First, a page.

# Fibonacci number

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In mathematics, the Fibonacci numbers form a sequence in which the first number is 0, the second number is 1, and each subsequent number is equal to the sum of the previous two numbers in the series. In mathematical terms, it is defined by the following recurrence relation:

${\displaystyle F_{n}:={\begin{cases}0&{\mbox{if }}n=0;\\1&{\mbox{if }}n=1;\\F_{n-1}+F_{n-2}&{\mbox{if }}n>1.\\\end{cases}}}$

The sequence of Fibonacci numbers starts with : 0, 1, 1, 2, 3, 5, 8, 13, 21, 34, 55, 89, 144, 233, ...

It was first used to represent the growth of a colony of rabbits, starting with a single pair of rabbits. It has applications in mathematics as well as other sciences, and is a popular illustration of recursive programming in computer science.

## Divisibility properties

We will apply the following simple observation to Fibonacci numbers:

if three integers ${\displaystyle \ a,b,c,}$  satisfy equality ${\displaystyle \ c=a+b,}$  then

${\displaystyle \ \gcd(a,b)\ =\ \gcd(a,c)=\gcd(b,c).}$

• ${\displaystyle \gcd \left(F_{n},F_{n+1}\right)\ =\ \gcd \left(F_{n},F_{n+2}\right)\ =\ 1}$

Indeed,

${\displaystyle \gcd \left(F_{0},F_{1}\right)\ =\ \gcd \left(F_{0},F_{2}\right)\ =\ 1}$

and the rest is an easy induction.

• ${\displaystyle F_{n}\ =\ F_{k+1}\cdot F_{n-k}+F_{k}\cdot F_{n-k-1}}$
for all integers ${\displaystyle \ k,n,}$  such that ${\displaystyle \ 0\leq k

Indeed, the equality holds for ${\displaystyle \ k=0,}$  and the rest is a routine induction on ${\displaystyle \ k.}$

Next, since ${\displaystyle \gcd \left(F_{k},F_{k+1}\right)=1}$,  the above equality implies:

${\displaystyle \gcd \left(F_{k},F_{n}\right)\ =\ \gcd \left(F_{k},F_{n-k}\right)}$

which, via Euclid algorithm, leads to:

• ${\displaystyle \gcd(F_{m},F_{n})\ =\ F_{\gcd(m,n)}}$

Let's note the two instant corollaries of the above statement:

• If ${\displaystyle \ m}$  divides ${\displaystyle \ n\ }$ then ${\displaystyle \ F_{m}\ }$ divides ${\displaystyle \ F_{n}\ }$
• If ${\displaystyle \ F_{p}\ }$  is a prime number different from 3, then ${\displaystyle \ p}$  is prime. (The converse is false.)

## Algebraic identities

• ${\displaystyle F_{n-1}\cdot F_{n+1}-F_{n}\,^{2}\ =\ (-1)^{n}\ }$     for n=1,2,...
• ${\displaystyle \sum _{i=0}^{n}F_{i}\,^{2}\ =\ F_{n}\cdot F_{n+1}}$

## Direct formula and the golden ratio

We have

${\displaystyle F_{n}\ =\ {\frac {1}{\sqrt {5}}}\cdot \left(\left({\frac {1+{\sqrt {5}}}{2}}\right)^{n}-\left({\frac {1-{\sqrt {5}}}{2}}\right)^{n}\right)}$

for every ${\displaystyle \ n=0,1,\dots }$ .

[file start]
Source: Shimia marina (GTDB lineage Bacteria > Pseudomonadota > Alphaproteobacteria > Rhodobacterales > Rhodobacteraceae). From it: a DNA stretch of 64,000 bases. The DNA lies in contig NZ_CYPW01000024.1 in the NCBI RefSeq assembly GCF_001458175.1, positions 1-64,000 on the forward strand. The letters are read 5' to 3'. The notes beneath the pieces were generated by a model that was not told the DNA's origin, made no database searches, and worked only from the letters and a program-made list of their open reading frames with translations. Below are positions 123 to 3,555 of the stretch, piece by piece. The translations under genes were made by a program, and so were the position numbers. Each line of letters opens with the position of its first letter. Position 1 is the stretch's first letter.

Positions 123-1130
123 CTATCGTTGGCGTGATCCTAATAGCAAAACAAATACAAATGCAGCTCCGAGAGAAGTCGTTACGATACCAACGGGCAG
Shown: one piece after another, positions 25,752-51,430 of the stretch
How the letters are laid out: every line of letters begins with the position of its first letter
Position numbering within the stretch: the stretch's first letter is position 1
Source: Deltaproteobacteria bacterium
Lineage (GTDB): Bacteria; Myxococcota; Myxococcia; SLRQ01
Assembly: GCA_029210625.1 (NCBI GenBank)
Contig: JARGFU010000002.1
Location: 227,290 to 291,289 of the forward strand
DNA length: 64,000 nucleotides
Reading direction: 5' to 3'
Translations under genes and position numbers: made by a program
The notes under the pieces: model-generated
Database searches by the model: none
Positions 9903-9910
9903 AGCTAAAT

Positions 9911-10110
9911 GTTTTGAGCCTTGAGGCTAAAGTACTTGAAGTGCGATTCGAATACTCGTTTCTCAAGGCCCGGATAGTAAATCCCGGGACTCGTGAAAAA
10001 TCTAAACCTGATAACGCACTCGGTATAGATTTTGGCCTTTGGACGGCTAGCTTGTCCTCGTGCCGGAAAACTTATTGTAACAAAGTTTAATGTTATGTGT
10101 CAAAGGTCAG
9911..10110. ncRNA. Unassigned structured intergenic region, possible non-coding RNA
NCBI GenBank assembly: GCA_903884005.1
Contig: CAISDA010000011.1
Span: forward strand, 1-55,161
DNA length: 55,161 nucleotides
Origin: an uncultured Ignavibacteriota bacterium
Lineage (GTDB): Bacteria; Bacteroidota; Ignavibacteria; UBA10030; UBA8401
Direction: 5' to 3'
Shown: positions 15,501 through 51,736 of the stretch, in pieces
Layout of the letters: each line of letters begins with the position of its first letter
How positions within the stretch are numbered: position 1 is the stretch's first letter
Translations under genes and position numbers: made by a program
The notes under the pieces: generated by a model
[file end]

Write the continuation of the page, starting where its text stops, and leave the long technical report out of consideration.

Indeed, let  ${\displaystyle A:={\frac {1+{\sqrt {5}}}{2}}}$  and  ${\displaystyle a:={\frac {1-{\sqrt {5}}}{2}}}$ .  Let

${\displaystyle f_{n}\ :=\ {\frac {1}{\sqrt {5}}}\cdot (A^{n}-a^{n})}$

Then:

• ${\displaystyle f_{0}=0\ }$     and     ${\displaystyle \ f_{1}=1}$
• ${\displaystyle A^{2}=A+1\ }$     hence     ${\displaystyle \ A^{n+2}=A^{n+1}+A^{n}}$
• ${\displaystyle a^{2}=a+1\ }$     hence     ${\displaystyle a^{n+2}=a^{n+1}+a^{n}\ }$
• ${\displaystyle f_{n+2}\ =\ f_{n+1}+f_{n}}$

for every ${\displaystyle \ n=0,1,\dots }$. Thus ${\displaystyle \ f_{n}=F_{n}}$  for every ${\displaystyle \ n=0,1,\dots ,}$ and the formula is proved.

Furthermore, we have:

• ${\displaystyle A\cdot a=-1\ }$
• ${\displaystyle A>1\ }$
• ${\displaystyle -1
• ${\displaystyle {\frac {1}{2}}\ >\ \left|{\frac {1}{\sqrt {5}}}\cdot a^{n}\right|\quad \rightarrow \quad 0}$

It follows that

${\displaystyle F_{n}\ }$  is the nearest integer to  ${\displaystyle {\frac {1}{\sqrt {5}}}\cdot \left({\frac {1+{\sqrt {5}}}{2}}\right)^{n}}$

for every ${\displaystyle \ n=0,1,\dots }$ . The above constant ${\displaystyle \ A}$  is known as the famous golden ratio ${\displaystyle \ \Phi .}$  Thus:

${\displaystyle \Phi \ =\ \lim _{n\to \infty }{\frac {F_{n+1}}{F_{n}}}\ =\ {\frac {1+{\sqrt {5}}}{2}}}$

## Fibonacci generating function

The Fibonacci generating function is defined as the sum of the following power series:

${\displaystyle g(x)\ :=\ \sum _{n=0}^{\infty }F_{n}\cdot x^{n}}$

The series is convergent for  ${\displaystyle \ |x|<{\frac {1}{\Phi }}.}$  Obviously:

${\displaystyle g(x)\ =\ x+x\cdot g(x)+x^{2}\cdot g(x)\ }$

hence:

${\displaystyle g(x)\ =\ {\frac {x}{1-x-x^{2}}}}$

Value ${\displaystyle \ g(x)}$  is a rational number whenever x is rational. For instance, for x = ½:

${\displaystyle {\frac {F_{1}}{2}}+{\frac {F_{2}}{4}}+{\frac {F_{3}}{8}}+\cdots \ =\ 2}$

and for x = −½ (after multiplying the equality by −1):

${\displaystyle {\frac {F_{1}}{2}}-{\frac {F_{2}}{4}}+{\frac {F_{3}}{8}}-\cdots \ =\ {\frac {2}{5}}}$